With a cemetery called the “stomping ground”, men wearing lederhosen and carrying guns and ski jackets at the bar, some things in Innsbruck seem a little different to elsewhere. This is why we’ve decided to tell you more about some of Innsbruck’s very own oddities so that you know what awaits you when you visit. Who knows, they might even help you to pass for a local!

No marksmen, no party!

When you see a multitude of artistic hats featuring tufts of chamois hair and feathers, it’s a clear sign that the marksmen are back in town. If you happen to come across a horde of Tyrolean men wearing lederhosen and traditional Austrian dress and carrying firearms, there’s no need to worry! The Tyrolean shooters form an integral element of every folk festival and are VIPs at every celebration. They parade through the streets, give gun salutes and bring traditional Tyrolean charm to every event. Virtually every village in the local region has its own marksmen’s club. This tradition dates back hundreds of years, back to when the shooters were actually responsible for defending the land. This was also the case in the Battles of Bergisel, a key location connected to the legend of Andreas Hofer. Nowadays, you can discover the story of the famous freedom fighter in a historic setting: the  Giant Panoramic Painting at the Tirol Panorama Museum shows the Battle of Bergisel in an impressive piece of 360° artwork. In the present day, the rifle company’s traditional dress, hats and firearms are no longer a sign of being ready for battle but instead being ready to celebrate. The shooters have a party spirit like no other and you can enjoy it live at a multitude of marksmen’s festivals, church celebrations and ceremonial parades. The rifle companies tend to be rather male-dominated groups but are always joined by a few women dressed in beautiful Dirndl dresses. These female helpers work as sutlers, selling shot glasses of schnapps to the crowds to keep up their energy.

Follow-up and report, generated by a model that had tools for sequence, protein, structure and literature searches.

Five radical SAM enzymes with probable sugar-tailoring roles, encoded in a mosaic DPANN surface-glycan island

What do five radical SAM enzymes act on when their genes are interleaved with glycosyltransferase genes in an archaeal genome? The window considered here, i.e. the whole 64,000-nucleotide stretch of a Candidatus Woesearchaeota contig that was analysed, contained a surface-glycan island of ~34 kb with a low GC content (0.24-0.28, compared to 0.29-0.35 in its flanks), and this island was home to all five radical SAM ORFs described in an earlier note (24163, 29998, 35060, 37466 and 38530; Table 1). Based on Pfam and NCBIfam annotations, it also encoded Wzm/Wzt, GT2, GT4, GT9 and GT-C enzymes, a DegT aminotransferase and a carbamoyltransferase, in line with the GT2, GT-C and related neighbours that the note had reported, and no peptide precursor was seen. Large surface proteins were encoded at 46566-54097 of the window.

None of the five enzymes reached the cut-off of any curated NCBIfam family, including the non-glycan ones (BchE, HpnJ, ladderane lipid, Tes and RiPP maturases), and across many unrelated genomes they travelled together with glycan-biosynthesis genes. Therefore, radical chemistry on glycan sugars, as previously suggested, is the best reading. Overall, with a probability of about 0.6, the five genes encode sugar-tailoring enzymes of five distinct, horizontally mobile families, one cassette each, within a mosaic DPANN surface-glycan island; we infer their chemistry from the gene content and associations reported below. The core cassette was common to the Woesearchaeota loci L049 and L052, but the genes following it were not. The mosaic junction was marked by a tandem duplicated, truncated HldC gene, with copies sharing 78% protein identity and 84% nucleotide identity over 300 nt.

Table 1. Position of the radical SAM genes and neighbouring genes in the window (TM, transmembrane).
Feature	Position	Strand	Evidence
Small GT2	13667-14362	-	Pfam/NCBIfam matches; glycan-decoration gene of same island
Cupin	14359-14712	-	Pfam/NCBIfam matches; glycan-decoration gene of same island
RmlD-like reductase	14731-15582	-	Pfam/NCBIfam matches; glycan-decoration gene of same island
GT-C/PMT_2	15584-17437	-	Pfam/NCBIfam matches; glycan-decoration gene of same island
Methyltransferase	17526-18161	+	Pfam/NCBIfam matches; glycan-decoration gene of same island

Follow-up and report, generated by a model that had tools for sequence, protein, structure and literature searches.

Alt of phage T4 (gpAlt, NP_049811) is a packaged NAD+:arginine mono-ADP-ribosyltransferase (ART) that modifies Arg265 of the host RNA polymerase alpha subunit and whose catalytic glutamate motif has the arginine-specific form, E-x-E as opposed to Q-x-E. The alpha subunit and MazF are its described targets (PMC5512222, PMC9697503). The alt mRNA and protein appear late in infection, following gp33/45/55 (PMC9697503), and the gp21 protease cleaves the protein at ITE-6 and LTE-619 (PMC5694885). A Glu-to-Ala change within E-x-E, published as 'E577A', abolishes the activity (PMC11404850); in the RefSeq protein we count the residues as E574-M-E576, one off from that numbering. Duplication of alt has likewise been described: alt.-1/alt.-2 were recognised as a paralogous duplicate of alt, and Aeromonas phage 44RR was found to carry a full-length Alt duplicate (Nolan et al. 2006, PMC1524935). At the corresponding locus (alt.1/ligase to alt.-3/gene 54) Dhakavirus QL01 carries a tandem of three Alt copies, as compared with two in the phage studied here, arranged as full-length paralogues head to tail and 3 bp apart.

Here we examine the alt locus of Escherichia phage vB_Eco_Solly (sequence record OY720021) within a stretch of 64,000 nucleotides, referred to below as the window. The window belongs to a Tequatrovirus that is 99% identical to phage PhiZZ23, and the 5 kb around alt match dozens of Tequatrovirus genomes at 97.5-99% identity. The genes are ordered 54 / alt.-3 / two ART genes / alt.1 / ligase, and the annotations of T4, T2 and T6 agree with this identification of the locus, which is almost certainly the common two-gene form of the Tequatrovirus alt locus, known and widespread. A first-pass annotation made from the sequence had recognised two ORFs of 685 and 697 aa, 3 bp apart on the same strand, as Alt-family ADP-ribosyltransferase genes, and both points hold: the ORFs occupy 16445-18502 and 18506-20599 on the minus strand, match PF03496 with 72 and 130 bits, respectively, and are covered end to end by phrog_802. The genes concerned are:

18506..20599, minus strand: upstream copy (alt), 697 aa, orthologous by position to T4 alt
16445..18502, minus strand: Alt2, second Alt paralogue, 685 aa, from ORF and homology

A shooter from the Sellrain Valley
A shooter from the Sellrain Valley
Warning, gun salute! Be sure to cover your ears if you’re standing directly next to them!
Warning, gun salute! Be sure to cover your ears if you’re standing directly next to them!

Please be friendly!

Unlike the peaks of the local mountains, Tyroleans can sometimes be rather blunt. Once they get out into nature, however, they’re always in a good mood and on their best behaviour, giving a friendly greeting to any hikers, bikers or mountain climbers who happen to cross their path. In return, they are also, of course, wished a good day too: “Griaß di!” for a hiker on their own, “griaß enk!” for a group of hikers or a simple “Hallo” are the normal way to say hello. There’s no need for any formality up in the mountains. 

The sounding of the bells – the music of the Alps